Tuesday, April 27, 2010

Work in Progress

When we bought our house a couple years ago we liked the house, but what really sold us on the deal was the HUGE garden area hidden behind a hedge in the back yard. My husband and I imagined what we could do with the space and we dreamed BIG. We'd transform the dirt patch into a garden worthy of the Martha Stewart catalogue-- raised beds, stone walkways filled in with Irish moss, mini fruit trees in giant pots, and a fountain to add ambiance. It was going to be awesome.

Two years later it is not awesome... yet. We've started the raised beds. My husband spent half the summer carting giant stones for the walkway and only finished about a third of it. The moss doesn't really like growing between the stones, but weeds LOVE it.

So now mostly we have a giant weed patch with some pretty rectangular structures filled with vegetables in the middle. I know it's a work in progress and it's better than what we started with, but most days all I can see are the weeds.

This is kind of how I feel about my manuscript right now. I haven't even finished the first draft yet, but all the imperfections are driving me crazy. I just have to remind myself that my last one felt like this too. Writing, like creating the perfect garden, just takes time. I need to finish it before I move on to massive revisions.

Maybe in a year I'll have another finished book AND a garden that would make Martha Stewart proud. Or maybe just another finished book.

Do the weeds slow down your writing process or are you able to forget about them until after the first draft is done?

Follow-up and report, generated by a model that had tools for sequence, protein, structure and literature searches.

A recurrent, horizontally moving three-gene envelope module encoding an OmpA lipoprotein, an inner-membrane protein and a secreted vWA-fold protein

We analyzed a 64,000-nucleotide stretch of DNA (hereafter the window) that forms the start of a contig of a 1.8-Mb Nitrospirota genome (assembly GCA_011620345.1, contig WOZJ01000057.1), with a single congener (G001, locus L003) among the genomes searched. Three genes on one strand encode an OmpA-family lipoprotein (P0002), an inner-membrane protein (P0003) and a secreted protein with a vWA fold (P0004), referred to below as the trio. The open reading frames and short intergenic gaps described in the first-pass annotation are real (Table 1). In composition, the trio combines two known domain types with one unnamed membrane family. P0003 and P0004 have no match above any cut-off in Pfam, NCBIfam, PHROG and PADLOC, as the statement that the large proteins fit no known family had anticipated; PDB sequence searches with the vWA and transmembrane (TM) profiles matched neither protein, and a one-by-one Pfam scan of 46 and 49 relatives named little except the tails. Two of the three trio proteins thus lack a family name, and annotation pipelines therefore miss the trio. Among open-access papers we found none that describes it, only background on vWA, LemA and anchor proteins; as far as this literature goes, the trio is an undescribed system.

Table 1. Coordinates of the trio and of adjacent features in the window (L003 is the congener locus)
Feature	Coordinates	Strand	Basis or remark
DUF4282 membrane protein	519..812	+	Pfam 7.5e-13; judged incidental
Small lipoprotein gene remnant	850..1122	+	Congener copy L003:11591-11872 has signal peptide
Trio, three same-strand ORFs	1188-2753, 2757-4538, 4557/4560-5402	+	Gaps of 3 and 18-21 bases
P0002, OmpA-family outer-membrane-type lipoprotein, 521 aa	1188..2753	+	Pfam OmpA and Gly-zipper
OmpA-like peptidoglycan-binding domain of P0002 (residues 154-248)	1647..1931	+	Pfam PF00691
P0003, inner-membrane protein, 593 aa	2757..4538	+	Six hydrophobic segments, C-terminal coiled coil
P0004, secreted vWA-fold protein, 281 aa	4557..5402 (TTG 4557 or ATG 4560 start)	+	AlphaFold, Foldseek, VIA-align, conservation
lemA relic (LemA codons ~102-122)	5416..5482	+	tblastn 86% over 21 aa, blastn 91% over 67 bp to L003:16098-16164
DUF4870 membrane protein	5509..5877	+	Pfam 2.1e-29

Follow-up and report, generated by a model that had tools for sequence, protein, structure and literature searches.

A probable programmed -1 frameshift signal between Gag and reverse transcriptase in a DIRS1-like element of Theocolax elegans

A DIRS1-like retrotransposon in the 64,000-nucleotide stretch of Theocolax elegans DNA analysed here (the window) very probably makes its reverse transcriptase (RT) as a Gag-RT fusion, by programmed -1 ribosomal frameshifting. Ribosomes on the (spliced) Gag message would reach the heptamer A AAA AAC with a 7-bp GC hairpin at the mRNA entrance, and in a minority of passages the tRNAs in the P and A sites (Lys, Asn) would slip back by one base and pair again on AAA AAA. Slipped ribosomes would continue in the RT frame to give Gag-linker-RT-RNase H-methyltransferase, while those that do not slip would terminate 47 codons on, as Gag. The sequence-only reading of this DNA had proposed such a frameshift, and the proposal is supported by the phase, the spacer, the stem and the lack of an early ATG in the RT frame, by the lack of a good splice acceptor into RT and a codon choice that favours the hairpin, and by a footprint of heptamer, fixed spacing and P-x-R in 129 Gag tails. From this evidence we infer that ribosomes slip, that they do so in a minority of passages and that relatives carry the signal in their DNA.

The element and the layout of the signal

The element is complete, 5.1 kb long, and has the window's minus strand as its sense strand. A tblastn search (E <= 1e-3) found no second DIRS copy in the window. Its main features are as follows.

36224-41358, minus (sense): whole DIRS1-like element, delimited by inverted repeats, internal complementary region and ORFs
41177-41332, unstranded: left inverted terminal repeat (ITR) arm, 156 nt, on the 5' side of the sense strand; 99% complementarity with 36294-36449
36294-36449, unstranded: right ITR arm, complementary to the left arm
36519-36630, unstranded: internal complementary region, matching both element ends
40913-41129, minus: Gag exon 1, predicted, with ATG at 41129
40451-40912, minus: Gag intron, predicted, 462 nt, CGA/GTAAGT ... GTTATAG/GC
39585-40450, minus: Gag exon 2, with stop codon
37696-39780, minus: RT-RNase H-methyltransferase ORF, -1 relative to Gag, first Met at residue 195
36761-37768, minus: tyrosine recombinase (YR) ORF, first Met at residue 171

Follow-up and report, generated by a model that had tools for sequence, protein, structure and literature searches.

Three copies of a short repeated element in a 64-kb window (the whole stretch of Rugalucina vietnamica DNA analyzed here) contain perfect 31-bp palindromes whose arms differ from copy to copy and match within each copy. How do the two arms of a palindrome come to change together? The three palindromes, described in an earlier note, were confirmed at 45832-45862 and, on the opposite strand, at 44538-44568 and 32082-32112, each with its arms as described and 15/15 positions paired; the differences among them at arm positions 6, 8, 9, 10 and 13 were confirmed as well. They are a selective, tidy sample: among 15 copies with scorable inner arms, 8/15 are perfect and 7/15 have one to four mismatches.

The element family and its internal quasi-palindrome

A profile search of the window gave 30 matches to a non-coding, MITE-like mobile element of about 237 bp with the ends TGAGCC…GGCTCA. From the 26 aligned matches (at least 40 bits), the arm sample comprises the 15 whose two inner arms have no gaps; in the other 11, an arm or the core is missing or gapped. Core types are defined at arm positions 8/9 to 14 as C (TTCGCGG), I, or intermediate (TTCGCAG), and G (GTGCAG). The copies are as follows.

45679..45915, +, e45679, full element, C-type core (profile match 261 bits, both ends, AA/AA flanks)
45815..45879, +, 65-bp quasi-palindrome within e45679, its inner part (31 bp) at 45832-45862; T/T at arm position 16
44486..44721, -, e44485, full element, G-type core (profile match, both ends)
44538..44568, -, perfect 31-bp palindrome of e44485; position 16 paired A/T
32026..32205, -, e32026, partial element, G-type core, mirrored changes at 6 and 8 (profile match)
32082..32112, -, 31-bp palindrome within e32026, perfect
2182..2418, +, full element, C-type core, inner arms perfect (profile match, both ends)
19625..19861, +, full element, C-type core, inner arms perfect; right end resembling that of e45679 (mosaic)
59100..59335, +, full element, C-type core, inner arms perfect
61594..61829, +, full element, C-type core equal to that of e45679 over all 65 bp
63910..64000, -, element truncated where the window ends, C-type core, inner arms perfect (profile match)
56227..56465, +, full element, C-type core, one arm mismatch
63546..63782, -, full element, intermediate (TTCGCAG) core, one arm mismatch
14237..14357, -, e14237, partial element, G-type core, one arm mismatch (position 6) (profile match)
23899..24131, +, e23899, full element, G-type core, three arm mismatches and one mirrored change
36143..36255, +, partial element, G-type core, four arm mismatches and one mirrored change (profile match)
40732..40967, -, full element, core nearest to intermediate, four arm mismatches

26 comments:

Candyland said...

Ugh. Weeds always slow me down. I wish I could forget.

Jamie D. said...

Yep. I'm consciously trying to draft with more "weeding as I go", but they do tend to pop up quicker than I'd like. And they do slow down the process a bit, though I'm starting to hit my groove again.

My garden is a mess right now in the "not-quite-spring" doldrums...but it will be beautiful again soon, with patience. Same thing with my WIP - just needs more time and elbow grease. ;-)

Good luck with the weeds!

Shannon O'Donnell said...

Weeds...weeds...weeds. By the time I finally get caught up with them, it's time to start over! I try to balance my outside time with my writing time. ;-)

Voidwalker said...

Yeah, I'm a big dreamer too, but sometimes my finished product just doesn't end up how I imagined. My books are no different. I have great ideas, then if I don't sit down and do it, they just fall to the wayside as nothing more than a cool synopsis.

Melissa said...

Oh, yes, the weeds are definitely a distraction. I'm forcing myself to ignore them for now, but it's not easy.

Empress Awesome said...

I'm slow or productive with or without weeds. Weeds don't affect the writing process at all, actually. All up to the muse.

Aubrie said...

That looks like a great start to a garden! Good luck with your WIP. :)

Jessica Nelson said...

Sadly, weeds slow me down sometimes. I do the reminder thing too! LOL
I hope your garden turns into something gorgeous!

Karen Amanda Hooper said...

The weeds, the rain, the hail, the deep-freeze that kills any progress I've made. Yup, I can completely relate.

On a happier note, I know your garden will end up beautiful, just like your writing. ;)

Heather Sunseri said...

Oh, they totally slowe me down. I'm finally working through most of them, though. The end product is worth it, as I'm sure you know already.

Jemi Fraser said...

Great garden - looks awesome. Enjoy :)

L.T. Elliot said...

Oh, I want your garden. That's a gorgeous garden.

I hear you. I've even heard good things about my work lately and I'm still only seeing the weeds. I think I might need to step away for a bit.

I hope you see (and recognize) your blooms soon, Natalie.

storyqueen said...

This is a good metaphor...sometimes stuff that looks little and sparse to begin with can grow and bloom into something really wonderful.

(What do you do if the WIP IS the weed?)

Shelley

Stephanie Thornton said...